The annual Semicon West conference and exhibition has opened in a bullish mood with analysts and industry figures predicting record growth rates for the year.
Stanley Myers, president of industry association SEMI, reported that semiconductor sales went above the pre-recession high of July 2008 for the first time in May.
A basket of eight analyst predictions for the year's sales rose from 14.9 per cent at the start of the year to 28 per cent now, and FAB spending rose 117 per cent in 2009 to support growing demand.
"This year will be a record year for semiconductor sales and unit shipments, something we've never seen before," said Myers. "The industry is clearly back on track."
The PC and mobile phone markets are expected to drive demand, and Gartner has predicted growth in these areas of 22 and 14 per cent respectively this year.
Samsung is also ramping up its flat-screen production significantly, spurring further demand for chips.
Stable prices are also a factor, and the industry's FABs are now working at 93 per cent capacity.
"Talk about falling off a cliff. We really did last year from the peak of July 2008," said Myers.
"We hit bottom by April 2009. The slope of the drop-off only hints at the extreme measures the industry was taking at that time to preserve capital and stay alive, to keep shipping and keep staff on the payroll."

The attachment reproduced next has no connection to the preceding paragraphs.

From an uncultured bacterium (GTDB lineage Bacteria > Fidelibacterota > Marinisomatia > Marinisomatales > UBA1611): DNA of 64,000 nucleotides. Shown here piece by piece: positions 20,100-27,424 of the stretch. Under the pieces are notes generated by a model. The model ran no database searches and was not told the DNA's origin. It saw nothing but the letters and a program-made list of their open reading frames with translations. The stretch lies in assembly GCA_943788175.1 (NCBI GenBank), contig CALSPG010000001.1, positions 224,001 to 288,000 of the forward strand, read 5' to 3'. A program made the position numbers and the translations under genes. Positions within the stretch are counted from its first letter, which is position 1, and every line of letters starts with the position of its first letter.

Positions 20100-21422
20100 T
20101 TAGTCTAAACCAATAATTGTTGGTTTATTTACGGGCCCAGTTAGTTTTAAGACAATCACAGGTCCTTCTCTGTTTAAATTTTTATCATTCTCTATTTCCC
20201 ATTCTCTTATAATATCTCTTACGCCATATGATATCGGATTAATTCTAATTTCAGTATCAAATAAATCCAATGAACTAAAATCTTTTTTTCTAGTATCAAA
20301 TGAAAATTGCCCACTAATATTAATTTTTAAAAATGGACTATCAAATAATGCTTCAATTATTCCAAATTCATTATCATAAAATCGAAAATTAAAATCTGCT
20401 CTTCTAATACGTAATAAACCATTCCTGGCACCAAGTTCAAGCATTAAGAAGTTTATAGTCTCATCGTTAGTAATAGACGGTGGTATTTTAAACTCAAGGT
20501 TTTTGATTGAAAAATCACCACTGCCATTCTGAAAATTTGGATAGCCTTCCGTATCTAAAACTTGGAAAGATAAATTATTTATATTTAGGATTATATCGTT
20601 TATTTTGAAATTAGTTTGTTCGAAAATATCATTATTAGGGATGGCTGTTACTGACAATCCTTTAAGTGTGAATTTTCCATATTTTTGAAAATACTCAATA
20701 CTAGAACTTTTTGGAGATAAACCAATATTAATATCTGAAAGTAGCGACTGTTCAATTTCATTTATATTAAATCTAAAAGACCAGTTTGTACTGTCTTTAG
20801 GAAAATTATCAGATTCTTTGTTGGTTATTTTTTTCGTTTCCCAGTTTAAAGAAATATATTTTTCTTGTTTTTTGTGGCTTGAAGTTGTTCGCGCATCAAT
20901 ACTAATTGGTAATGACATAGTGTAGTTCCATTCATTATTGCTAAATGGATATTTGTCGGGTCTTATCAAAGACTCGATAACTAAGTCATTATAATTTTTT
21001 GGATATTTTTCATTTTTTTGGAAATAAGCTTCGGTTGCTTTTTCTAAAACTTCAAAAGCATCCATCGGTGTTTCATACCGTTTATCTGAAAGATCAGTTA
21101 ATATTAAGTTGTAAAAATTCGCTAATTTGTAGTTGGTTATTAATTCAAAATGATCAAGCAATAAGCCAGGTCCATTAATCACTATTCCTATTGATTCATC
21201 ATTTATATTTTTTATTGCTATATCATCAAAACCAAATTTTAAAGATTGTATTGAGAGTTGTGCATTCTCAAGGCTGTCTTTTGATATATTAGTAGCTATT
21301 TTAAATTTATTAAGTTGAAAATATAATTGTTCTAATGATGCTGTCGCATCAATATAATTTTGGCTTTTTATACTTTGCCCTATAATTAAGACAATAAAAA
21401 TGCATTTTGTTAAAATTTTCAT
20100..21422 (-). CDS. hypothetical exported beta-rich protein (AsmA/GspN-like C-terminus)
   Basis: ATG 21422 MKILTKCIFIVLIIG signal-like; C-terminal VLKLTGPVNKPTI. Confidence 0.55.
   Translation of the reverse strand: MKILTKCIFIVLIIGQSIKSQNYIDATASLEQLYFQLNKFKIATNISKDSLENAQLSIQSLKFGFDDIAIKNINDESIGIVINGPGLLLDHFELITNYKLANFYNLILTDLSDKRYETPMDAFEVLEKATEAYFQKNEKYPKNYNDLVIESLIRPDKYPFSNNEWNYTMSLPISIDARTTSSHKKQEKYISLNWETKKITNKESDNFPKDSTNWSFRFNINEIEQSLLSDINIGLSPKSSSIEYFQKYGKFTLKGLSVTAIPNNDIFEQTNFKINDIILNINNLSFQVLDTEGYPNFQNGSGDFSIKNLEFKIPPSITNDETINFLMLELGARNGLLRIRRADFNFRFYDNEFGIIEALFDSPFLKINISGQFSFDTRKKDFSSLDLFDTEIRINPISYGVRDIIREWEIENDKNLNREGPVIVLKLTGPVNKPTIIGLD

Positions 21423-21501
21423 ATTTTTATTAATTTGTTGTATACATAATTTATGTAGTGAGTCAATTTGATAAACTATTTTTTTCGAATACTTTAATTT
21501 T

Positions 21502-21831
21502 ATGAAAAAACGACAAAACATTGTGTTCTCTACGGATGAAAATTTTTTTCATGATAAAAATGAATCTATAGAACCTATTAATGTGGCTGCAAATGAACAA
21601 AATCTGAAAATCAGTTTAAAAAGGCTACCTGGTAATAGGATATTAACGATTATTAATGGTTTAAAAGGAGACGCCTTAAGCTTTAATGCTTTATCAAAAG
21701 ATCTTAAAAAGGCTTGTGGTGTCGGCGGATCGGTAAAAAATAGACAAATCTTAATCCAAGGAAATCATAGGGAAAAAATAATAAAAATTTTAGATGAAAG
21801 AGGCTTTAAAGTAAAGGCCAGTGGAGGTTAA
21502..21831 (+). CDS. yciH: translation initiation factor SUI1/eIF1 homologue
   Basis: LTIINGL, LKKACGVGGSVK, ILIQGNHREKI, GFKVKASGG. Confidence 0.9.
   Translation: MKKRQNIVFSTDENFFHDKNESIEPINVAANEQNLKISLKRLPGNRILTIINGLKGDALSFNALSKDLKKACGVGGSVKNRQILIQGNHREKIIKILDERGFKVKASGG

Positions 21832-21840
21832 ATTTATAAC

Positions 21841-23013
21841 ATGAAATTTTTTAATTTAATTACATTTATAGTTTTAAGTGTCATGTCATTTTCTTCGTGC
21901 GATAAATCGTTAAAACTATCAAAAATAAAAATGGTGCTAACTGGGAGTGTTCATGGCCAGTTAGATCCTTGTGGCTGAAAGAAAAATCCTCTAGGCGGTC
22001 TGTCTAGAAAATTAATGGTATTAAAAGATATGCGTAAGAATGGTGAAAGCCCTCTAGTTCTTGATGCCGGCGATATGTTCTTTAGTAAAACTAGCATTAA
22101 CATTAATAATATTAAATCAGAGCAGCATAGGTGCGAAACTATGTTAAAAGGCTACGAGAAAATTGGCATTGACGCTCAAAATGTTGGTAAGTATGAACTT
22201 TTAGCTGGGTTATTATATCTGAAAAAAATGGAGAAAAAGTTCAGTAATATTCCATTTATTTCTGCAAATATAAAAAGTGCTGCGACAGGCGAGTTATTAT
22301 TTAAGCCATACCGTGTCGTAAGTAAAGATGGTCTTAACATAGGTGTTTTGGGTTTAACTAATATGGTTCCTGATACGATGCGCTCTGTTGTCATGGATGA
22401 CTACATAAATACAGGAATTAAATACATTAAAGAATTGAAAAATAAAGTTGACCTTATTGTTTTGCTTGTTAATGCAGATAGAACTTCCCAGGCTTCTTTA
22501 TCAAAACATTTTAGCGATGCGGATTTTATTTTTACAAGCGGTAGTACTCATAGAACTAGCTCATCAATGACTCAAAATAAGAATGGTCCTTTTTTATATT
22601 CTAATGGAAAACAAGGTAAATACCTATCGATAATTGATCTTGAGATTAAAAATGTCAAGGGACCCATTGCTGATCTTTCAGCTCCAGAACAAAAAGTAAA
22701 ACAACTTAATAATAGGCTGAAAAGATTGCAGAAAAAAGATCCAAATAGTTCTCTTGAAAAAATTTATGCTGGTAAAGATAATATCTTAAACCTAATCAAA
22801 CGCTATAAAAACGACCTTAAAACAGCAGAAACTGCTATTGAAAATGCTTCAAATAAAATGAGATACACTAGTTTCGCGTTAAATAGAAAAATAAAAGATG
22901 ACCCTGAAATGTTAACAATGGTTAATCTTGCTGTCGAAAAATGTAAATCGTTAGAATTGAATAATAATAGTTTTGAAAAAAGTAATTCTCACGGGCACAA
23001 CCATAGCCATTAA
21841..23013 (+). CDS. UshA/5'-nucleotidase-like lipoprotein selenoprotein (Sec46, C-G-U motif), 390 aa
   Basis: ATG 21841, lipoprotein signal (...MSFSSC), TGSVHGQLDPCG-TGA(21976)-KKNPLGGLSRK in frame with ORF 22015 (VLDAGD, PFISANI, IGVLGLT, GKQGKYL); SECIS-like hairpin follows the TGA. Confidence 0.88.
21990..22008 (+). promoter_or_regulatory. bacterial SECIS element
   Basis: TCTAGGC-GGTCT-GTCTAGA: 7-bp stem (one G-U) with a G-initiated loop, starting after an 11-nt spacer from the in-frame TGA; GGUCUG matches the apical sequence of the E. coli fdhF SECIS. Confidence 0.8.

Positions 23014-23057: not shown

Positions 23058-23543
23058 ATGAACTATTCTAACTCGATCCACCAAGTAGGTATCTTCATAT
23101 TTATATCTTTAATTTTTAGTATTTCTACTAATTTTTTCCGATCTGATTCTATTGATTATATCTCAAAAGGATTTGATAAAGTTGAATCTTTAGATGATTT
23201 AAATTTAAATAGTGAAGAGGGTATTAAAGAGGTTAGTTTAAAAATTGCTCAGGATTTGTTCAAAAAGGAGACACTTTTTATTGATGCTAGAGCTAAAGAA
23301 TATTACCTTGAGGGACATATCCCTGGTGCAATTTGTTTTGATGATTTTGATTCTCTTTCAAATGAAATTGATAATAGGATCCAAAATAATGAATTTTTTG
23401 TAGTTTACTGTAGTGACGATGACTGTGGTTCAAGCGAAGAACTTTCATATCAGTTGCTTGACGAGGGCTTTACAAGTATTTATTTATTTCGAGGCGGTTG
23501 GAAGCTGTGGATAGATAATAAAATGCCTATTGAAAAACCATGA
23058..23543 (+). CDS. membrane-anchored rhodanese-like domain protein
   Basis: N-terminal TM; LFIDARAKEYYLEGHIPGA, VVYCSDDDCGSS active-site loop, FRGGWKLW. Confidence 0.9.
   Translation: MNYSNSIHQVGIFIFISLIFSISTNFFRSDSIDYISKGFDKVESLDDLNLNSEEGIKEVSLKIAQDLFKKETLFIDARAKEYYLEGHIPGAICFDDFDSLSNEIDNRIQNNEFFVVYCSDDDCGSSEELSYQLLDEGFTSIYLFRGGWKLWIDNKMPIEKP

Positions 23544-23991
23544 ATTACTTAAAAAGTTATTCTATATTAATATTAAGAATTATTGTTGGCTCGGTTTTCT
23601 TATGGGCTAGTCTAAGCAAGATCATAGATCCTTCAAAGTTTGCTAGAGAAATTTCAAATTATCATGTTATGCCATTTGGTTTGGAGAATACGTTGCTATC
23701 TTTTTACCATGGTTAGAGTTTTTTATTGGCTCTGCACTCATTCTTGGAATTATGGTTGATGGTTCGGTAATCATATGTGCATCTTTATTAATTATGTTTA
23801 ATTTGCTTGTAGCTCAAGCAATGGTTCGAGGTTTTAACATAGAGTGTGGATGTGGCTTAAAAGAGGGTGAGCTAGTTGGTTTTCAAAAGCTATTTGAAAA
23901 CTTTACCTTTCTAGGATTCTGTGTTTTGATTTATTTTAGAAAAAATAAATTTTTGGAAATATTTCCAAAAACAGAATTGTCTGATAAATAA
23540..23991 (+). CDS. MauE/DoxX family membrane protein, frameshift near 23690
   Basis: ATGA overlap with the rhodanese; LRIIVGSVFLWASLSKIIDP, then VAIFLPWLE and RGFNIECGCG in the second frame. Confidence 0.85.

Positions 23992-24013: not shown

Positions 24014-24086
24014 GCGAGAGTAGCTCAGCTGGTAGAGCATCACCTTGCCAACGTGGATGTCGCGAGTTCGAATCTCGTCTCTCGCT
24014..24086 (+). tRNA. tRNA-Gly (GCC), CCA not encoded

However, Myers warned that the future growth of the industry is not assured. The economy could falter in the short term, and Myers is very concerned at the lack of R&D and test spending in the longer term.
The industry traditionally invests 13 to 15 per cent in this area, but this is now in single figures.
"The semiconductor industry needs funding for innovation," he said. "I'm concerned that we are not investing enough to build new innovative processes."
Cotton seedling freezes to death as Chang'e-4 shuts down for the Moon's 14-day lunar night
Fortnite easily out-earns PUBG, Assassin's Creed Odyssey and Red Dead Redemption 2 in 2018
Meteor showers as a service will be visible for about 100 kilometres in all directions
Saturn's rings only formed in the past 100 million years, suggests analysis of Cassini space probe data
New findings contradict conventional belief that Saturn's rings were formed along with the planet about 4.5 billion years ago